Electron probe micro-analysis (EPMA) (CAMECA SX51) was carried out to determine the glass composition of sample C after melting. The analysis was undertaken using an accelerating voltage of 15 kV and a beam current of ~20 nA with wavelength-dispersive X-ray spectrometers (WDS).
To study the effect of the fluorination processes, glass blocks were cut into slides with a thickness of ~15 mm which were then polished for IR transmission measurements using a commercial spectrometer (PerkinElmer Spectrum 400). The absorption coefficients were calculated from the transmission data, where background absorption due to the Fresnel reflection at the interfaces was subtracted. The characteristic temperatures; glass transition temperature (Tg), the temperature of crystallization (Tx) and peak of glass crystallization (Tp) of samples A to C (Table 1), prepared under different melting conditions, were also measured using a Setaram Differential Scanning Calorimetry (DSC) 131 equipment with experimental errors of ± 2 °C.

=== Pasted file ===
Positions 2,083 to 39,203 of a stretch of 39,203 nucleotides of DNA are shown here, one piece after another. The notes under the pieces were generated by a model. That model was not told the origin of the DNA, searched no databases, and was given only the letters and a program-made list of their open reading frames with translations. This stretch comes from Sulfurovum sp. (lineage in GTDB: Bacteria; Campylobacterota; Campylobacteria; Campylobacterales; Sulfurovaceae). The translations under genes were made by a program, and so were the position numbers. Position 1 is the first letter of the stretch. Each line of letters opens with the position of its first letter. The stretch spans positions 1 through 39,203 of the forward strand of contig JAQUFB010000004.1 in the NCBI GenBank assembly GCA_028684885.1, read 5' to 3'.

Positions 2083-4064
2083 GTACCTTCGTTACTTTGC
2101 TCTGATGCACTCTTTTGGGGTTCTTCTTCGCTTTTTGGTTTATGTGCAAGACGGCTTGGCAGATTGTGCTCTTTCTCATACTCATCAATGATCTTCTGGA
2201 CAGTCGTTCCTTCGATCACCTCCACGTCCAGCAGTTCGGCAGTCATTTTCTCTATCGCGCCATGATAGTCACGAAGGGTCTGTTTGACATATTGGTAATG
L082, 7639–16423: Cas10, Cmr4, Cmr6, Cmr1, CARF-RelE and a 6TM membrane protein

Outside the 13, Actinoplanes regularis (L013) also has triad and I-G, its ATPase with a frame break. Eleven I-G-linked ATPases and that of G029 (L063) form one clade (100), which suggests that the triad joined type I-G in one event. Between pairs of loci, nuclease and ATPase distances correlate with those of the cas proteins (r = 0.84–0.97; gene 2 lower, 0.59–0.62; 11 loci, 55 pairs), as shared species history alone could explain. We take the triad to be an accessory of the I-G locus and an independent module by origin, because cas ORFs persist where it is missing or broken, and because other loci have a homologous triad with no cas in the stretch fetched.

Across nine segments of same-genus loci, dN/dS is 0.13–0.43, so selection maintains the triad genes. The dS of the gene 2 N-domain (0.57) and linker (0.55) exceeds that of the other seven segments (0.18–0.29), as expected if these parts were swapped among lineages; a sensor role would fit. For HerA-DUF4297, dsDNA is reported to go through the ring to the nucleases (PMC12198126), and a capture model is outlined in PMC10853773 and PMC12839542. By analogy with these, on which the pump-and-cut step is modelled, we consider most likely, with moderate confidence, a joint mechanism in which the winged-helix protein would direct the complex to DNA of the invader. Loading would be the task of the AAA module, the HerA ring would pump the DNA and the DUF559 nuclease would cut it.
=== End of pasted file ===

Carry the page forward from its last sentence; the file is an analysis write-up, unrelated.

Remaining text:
For fiber fabrication, larger glass billets (up to 70 g) were prepared using fluorination with NH4HF2. One glass melt was cast into a rod mold with an inner diameter of 10 mm and a length of 120 mm. After annealing, this cast rod was directly used as a preform for fiber fabrication. The other two glass melts were cast into a billet mold with an inner diameter of 30 mm and a length of 30 mm, which were used for preform extrusion (Fig. 1 ).